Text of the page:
On every glasses prescription I dispense for distance glasses, there is a stamp that says “UV protection”. That way, I won’t forget to write it — I want everyone to have it. Ultraviolet rays can contribute to many eye diseases, including cataracts, growths on the eyeballs, retinal damage, and eyelid and eye cancers.
The ultraviolet protection coating is made up of chemicals which absorb ultraviolet light, preventing the transmission of the rays through the lenses into the eyes. The chemicals form a dye which is painted onto the lenses. The dye can be clear, as in regular eyeglasses, or tinted darkly for sunglasses.
One of the most frequent questions I am asked is “what kind of sunglasses should I get?” The most important requirement of sunglasses is that they block at least 99% of UV rays. This means that UVA and UVB rays are blocked. Some sunglasses will say “absorb up to 400 nm” which is the same thing. Remember that UV rays can penetrate clouds and haze, so it is important to wear them for all outdoor activities, not just on sunny days.
The UV rays are more intense during mid-day, summertime, around water and snowfields which can reflect light from below, and at higher altitudes. Wraparound sunglasses are best since they offer more protection. Even contact lens wearers with UV protective contacts are not protected from harmful UV rays to the eyeballs and eyelids.
Tinting color and darkness is based on personal preference, not medical reasons. Colors may be gray, brown, or amber, but none is more protective than the other. The same goes with the darkness of the tint. Clear lenses with 100% UV absorption are just as good as the darkest lenses. Some people are very sensitive to bright lights, and others feel they don’t see as well with darker tints. This is especially true for those with eye diseases that affect vision in lower light conditions such as cataracts and macular degeneration. Reflexive, or transition, lenses are convenient since they turn dark in UV rays and lighten when indoors. These lenses don’t get quite as dark inside a vehicle since the windshield blocks some of the UV light required to darken the lenses, so if you’re light sensitive even on cloudy days, get regular sunglasses. Polarized lenses cut down on glare from reflected light coming from snow or water surfaces, and usually give clearer vision, but again don’t affect the UV light transmission.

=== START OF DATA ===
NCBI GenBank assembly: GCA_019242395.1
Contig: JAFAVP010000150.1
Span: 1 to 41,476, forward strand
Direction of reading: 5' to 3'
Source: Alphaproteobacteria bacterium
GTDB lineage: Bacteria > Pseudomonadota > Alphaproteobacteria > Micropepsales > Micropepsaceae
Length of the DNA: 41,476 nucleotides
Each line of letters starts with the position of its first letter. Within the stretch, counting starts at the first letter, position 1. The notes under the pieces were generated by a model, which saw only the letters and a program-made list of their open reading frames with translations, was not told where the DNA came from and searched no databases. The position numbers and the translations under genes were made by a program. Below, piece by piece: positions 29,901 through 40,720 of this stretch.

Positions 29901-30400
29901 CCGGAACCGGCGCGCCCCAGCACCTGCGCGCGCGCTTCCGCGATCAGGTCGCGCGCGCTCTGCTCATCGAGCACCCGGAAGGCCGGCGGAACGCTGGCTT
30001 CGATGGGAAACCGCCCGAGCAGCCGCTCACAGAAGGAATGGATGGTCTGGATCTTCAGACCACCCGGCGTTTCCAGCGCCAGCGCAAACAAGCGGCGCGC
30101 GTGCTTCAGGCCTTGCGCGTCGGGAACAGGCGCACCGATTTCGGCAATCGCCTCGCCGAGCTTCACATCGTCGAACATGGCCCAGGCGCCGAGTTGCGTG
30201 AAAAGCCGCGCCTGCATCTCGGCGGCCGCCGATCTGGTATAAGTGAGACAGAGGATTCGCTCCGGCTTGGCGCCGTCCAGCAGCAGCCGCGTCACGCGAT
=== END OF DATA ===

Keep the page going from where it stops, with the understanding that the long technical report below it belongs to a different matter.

Don’t forget about protection from physical objects such as stones or fingernails! Sunglasses should be made from materials which are impact resistant, such as polycarbonate, to keep from shattering if they’re hit or fall off. If you’re an active outdoor person, like the Lady Docs, you’re at risk for eye injuries. Polycarbonate lenses are light but can scratch easily, so choose scratch-resistant coating.
Finally, there are many well-known and expensive brands of sunglasses, such as Ray-ban or Maui Jim. They may be more expensive and stylish, but they are not necessarily better! One can find good sunglasses almost anywhere. Optical quality is important, though, since waves and distortions in the lenses can cause headaches, blurred vision, nausea, and dizziness. To check the optical quality of the lenses, hold the lenses at a comfortable distance and look through them at a rectangular object such as a window or floor tile. Close one eye and slowly move the lenses sided to side and up and down while looking through them. The lines of the rectangle should remain straight. If the lines are bent or wiggly, choose another pair of sunglasses!
So, whether you like the looks of Jackie-O, Bono, or Elton John, or have your own personal style, don those sunglasses and enjoy the rest of your summer!